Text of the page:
This is a common question, and a tough one at that. Obviously you need to get some training under your belt to make competing a feasible goal. From that perspective, I understand why so many prospective competitors are often timid about taking the plunge and converting from hobbyist to competitor. However, the majority of individuals take too long to make this transition, myself included.

I knew I wanted to do a bodybuilding show some day, but I just needed to add some more mass. I did, but then I found that I needed some more time to allow my legs to catch up with my upper body development. They did, but then I found that my chest was lagging behind a bit, so I needed a bit more time to focus on added some size to my pecs. You probably see where I’m going with this- if you wait until you feel ready, you may never feel ready.

As I mentioned, I had added a bunch of mass already, and was in the process of building up my chest. And it was working- I was walking around at 195 lbs, which is about 40 lbs over the stage weight I turned pro at. My bench was at 355 (touch and go) and climbing. I was walking home from the gym when I crossed a street that I was pretty sure was a one-way street… Except that it wasn’t.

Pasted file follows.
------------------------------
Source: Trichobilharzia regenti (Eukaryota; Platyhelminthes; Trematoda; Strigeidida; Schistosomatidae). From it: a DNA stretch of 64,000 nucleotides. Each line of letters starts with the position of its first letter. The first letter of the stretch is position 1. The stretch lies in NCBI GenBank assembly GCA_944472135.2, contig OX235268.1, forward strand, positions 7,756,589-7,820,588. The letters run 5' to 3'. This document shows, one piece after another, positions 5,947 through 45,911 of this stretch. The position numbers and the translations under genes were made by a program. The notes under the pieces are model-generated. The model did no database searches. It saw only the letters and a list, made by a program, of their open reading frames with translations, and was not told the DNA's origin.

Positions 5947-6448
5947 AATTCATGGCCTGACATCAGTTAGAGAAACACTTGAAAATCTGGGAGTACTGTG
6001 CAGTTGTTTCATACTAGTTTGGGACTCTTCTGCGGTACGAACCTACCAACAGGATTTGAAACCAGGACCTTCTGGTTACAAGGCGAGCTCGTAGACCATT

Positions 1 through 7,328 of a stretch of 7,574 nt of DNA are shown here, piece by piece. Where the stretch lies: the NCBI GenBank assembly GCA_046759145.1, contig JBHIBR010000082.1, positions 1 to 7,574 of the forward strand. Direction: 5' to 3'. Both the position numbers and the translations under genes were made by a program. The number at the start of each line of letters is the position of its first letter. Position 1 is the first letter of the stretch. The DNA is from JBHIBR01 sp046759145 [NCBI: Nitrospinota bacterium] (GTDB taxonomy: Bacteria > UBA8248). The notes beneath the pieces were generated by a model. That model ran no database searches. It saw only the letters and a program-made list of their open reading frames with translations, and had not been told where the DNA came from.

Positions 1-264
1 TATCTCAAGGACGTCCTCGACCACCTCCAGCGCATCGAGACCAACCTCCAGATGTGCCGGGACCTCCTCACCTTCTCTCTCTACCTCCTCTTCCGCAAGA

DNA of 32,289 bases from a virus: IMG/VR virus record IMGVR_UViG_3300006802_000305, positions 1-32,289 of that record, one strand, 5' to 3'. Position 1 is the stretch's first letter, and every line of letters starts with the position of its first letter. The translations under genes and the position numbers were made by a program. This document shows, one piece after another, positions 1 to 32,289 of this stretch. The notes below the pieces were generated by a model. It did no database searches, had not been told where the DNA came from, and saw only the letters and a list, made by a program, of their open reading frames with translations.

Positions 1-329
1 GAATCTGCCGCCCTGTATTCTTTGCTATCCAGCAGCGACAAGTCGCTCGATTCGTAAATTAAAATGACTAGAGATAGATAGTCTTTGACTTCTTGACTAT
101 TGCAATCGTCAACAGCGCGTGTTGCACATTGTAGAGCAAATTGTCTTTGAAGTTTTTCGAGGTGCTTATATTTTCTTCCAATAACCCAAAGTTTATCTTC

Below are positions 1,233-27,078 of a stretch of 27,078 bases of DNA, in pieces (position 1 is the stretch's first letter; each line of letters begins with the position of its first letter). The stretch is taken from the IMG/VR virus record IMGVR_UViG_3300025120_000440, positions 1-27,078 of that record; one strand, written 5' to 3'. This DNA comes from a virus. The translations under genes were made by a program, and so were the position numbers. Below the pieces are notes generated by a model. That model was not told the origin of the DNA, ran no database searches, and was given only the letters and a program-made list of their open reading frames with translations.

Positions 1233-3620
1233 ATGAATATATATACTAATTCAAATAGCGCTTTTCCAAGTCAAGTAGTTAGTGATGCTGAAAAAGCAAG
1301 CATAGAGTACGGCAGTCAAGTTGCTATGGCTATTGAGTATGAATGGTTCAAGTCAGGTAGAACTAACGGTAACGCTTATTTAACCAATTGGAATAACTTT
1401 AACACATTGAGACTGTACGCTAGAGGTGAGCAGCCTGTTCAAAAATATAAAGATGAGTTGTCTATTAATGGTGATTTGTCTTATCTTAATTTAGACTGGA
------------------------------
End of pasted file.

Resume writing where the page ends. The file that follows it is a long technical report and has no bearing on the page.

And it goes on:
I got nailed by the car, and it tossed me like a rag doll. Luckily (somehow) I walked away totally unharmed. At that point I decided, unequivocally, it was time to compete. You never know when you’re going to get sick, get into a freak accident, or even just acquire a simple gym-related injury. If you’ve got a decent amount of training under your belt, you’re healthy, and you’ve got the itch to compete, I would urge you to go for it.

Aside from the whole carpe diem justification, getting your feet wet as a competitor will probably improve the effectiveness of your training and facilitate/accelerate your progress. Perhaps you’ll get your butt kicked the first time around- this might be a humbling reality check that sparks some change. Maybe you’ll do well, and obtain a boost in motivation and focus moving forward. Either way, you’ll get submerged into a world that includes seasoned veterans and a more broad collection of knowledgeable perspectives, and you’ll be forced to objectively evaluate how you stack up against some competition. You might even find some friends, colleagues, peers, or mentors in the process who can help you moving forward. People who will keep you accountable, give you ideas, give you something to chase, or even take you under their wing and show you the ropes.